Carrier systems and application of growth factors in orthopaedics

  • Schmidmaier G
  • Schwabe P
  • Strobel C
 et al. 
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Abstract

SUMMARY: With optimal surgical treatment within an appropriate time frame, bony tissue has the potential to regenerate defects without the formation of scar tissue. However, even under optimal mechanical circumstances and appropriate operative treatment, healing can fail and delayed or non-union occur. In Europe delayed bone healing leads to socio-economic costs of up to 14.7 billion euros per year. In addition to the optimal clinical treatment, the success of bone regeneration depends on the following main aspects: (1) adequate mechanical stabilization and biological competence of the organism, (2) osteogenic cells, (3) osteoconductive structures or scaffolds, and (4) growth factors (Diamond Concept)(1). Further, (5) a sufficient vascularisation is essential for the nutritive supply. Within the last years two growth factors, BMP-2 and BMP-7, were approved for clinical use in orthopaedic and trauma surgery for different indications.(2,3) The establishment of carrier systems and application techniques for growths factors is the focus of current research. The combination of a well established stabilization system and local drug delivery system for bioactive factors could be a therapeutical strategy to optimize bone healing and reduce the complication rate, in the future.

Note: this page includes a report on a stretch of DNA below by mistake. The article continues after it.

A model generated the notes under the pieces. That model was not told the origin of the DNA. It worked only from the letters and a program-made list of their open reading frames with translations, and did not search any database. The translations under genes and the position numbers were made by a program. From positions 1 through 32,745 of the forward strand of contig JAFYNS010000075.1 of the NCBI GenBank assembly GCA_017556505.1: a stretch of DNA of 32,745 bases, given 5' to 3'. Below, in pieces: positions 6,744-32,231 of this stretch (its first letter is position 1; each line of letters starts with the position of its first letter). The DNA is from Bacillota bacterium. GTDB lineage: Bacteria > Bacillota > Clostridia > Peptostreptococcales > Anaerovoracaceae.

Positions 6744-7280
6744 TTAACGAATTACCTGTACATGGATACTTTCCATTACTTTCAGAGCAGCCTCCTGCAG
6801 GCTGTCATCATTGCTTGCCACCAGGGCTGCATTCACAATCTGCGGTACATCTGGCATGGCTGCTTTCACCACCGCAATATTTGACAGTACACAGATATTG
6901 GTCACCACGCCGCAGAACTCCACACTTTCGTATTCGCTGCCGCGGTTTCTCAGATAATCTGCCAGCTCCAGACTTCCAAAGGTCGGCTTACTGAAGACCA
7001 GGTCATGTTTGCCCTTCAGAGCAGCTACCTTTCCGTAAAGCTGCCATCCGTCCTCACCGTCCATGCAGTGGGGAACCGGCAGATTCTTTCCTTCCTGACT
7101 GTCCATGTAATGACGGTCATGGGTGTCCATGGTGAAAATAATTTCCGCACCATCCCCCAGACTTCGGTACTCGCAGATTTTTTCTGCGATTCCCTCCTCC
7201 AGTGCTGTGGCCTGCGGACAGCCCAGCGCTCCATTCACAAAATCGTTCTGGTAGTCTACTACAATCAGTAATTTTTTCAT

Author-supplied keywords

  • Animals
  • Bone Morphogenetic Proteins/administration & dosag
  • Bone Regeneration/drug effects
  • Disease Models, Animal
  • Drug Carriers
  • Drug Delivery Systems/methods
  • Fracture Healing/drug effects
  • Humans
  • Intercellular Signaling Peptides and Proteins/admi
  • Rats

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Authors

  • G Schmidmaier

  • P Schwabe

  • C Strobel

  • B Wildemann

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